If you wanted to ignore any nuance and context regarding the verses of the Quran, you needn't have even gone this far to get a contradiction.
Just take the first verse you mentioned:
Do you not know that to Allah belongs the dominion of the heavens and the earth and [that] you have not besides Allah any protector or any helper? (2:107)
If you wished to ignore nuance, you could say that since my friend helped me in fifth grade by lending me a pencil and thus was a helper, this verse is false. This line of reasoning is, as you might realize, nonsense.
Nuance exists. Speech is not mathematical assertions, and it should not be analyzed that way. This verse does not prevent other people from being protectors or helpers but rather it states that only Allah is the ultimate protector and helper.
Meaning, when Allah decides something for or against you in this world or on Qiyamah, there will be no one to protect or help you against Allah. Other people being helpers or protectors in lesser capacities does not contradict that.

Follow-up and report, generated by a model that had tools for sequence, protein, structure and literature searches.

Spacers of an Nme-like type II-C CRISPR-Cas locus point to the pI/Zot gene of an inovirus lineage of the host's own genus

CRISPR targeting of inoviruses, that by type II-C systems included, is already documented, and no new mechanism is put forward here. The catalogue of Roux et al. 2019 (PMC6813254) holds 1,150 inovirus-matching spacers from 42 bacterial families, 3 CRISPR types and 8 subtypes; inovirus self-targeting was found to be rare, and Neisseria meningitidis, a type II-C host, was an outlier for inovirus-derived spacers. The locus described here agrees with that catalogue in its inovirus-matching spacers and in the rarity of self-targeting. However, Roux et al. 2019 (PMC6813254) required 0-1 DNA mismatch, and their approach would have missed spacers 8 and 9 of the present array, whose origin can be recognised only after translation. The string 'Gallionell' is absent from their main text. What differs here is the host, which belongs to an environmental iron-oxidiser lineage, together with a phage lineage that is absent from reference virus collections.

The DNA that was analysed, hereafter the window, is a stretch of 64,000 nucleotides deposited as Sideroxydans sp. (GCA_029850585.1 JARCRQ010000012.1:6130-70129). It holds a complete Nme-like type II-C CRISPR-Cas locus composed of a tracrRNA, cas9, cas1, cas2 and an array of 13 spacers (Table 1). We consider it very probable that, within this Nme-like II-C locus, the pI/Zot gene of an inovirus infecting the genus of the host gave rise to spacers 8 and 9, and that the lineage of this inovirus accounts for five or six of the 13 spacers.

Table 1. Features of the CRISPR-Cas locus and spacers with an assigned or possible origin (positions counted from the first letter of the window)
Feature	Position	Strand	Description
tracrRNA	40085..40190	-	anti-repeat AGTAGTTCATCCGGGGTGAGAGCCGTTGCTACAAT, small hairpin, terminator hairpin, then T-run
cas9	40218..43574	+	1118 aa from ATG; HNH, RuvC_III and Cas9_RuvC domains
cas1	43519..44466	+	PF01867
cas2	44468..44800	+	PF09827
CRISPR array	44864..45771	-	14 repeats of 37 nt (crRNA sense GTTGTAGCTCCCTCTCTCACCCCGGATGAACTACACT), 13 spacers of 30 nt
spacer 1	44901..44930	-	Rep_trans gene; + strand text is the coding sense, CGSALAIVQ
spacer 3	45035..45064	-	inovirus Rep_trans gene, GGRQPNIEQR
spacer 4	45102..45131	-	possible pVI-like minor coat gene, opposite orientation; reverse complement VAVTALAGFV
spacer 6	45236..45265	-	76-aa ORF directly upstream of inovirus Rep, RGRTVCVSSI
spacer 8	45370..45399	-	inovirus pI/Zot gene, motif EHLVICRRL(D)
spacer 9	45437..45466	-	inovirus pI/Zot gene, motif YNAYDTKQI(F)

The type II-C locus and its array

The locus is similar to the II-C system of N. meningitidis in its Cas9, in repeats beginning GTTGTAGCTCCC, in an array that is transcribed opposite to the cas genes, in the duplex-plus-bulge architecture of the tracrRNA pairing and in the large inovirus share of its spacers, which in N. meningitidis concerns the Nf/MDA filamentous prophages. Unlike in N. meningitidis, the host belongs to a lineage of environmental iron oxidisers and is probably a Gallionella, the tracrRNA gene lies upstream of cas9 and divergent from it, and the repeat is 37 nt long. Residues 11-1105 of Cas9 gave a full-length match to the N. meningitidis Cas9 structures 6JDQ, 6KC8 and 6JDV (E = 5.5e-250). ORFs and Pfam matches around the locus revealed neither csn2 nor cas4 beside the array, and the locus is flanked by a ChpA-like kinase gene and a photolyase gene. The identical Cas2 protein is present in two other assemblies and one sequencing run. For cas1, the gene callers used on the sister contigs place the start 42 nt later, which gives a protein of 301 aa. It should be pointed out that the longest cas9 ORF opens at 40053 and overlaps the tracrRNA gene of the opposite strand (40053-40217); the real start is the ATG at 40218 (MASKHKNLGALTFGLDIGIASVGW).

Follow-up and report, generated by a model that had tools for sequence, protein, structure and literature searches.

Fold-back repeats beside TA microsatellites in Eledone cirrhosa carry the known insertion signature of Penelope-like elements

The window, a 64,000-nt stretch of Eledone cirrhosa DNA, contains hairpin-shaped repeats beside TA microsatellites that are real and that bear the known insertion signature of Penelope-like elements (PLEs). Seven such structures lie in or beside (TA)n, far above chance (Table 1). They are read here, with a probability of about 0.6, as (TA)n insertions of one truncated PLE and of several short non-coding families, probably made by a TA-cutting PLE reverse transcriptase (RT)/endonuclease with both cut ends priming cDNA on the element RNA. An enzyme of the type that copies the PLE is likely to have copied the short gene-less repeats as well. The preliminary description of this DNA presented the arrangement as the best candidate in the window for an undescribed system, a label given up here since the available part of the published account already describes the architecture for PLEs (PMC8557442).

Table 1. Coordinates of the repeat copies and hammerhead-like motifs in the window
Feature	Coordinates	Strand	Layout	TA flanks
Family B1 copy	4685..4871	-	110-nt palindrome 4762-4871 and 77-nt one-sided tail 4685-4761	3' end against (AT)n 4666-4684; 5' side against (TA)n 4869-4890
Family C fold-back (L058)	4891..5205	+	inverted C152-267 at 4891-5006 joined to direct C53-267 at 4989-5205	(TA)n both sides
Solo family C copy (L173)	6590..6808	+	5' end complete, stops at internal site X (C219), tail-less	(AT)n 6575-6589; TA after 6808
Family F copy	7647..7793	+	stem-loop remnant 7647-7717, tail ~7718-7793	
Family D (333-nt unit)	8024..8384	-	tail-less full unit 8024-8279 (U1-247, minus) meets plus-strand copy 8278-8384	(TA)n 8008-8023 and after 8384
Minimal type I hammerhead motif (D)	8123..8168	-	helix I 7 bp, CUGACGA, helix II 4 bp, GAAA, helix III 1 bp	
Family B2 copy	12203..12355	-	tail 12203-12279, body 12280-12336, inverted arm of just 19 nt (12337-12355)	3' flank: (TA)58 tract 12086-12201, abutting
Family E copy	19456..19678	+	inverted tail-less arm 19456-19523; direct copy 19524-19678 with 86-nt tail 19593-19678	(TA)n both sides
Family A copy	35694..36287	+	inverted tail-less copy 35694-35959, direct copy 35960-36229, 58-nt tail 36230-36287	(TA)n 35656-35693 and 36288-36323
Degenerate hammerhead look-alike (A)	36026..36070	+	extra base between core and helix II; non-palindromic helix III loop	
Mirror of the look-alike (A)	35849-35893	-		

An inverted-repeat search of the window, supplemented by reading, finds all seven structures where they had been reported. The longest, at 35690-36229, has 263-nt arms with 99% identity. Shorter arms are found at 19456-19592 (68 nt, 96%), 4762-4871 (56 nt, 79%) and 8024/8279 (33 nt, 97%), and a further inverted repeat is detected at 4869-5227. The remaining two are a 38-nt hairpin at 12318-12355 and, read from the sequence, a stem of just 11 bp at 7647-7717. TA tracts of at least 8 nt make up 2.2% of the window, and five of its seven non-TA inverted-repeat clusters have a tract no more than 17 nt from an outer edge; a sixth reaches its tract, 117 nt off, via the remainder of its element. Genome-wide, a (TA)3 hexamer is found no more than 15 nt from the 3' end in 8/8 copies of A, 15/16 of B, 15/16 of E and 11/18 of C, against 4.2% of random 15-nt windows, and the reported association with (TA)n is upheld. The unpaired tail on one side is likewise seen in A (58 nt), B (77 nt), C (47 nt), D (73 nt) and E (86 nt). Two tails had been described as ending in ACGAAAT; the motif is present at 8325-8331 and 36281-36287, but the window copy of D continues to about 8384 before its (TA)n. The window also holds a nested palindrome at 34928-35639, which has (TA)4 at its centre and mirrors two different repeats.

In lieu of your claims about this verse, you could say the same for these two verses:
Say, "O people, I am only to you a clear warner." (22:49)
Indeed, We have sent you, [O Muhammad], with the truth as a bringer of good tidings and a warner, and you will not be asked about the companions of Hellfire. (2:119)
In the first verse, it says Muhammad (SAW) is only a warner. In the second, Allah says he is also a bringer of good tidings. Which is it?
I hope you realize how nonsensical this question sounds. That is simply not how language works. When someone says, "I am only a [something]," he isn't denying his ability to be other things. He is simply making a statement in context to emphasize in the moment the [something] aspect of their being.
In the same way, when Allah says "There is no helper other than Me," He isn't denying the ability of other people to be helpers in smaller capacities. Instead, He is emphasizing that He is the ultimate helper. Language should be understood in the context and nuance it appears in.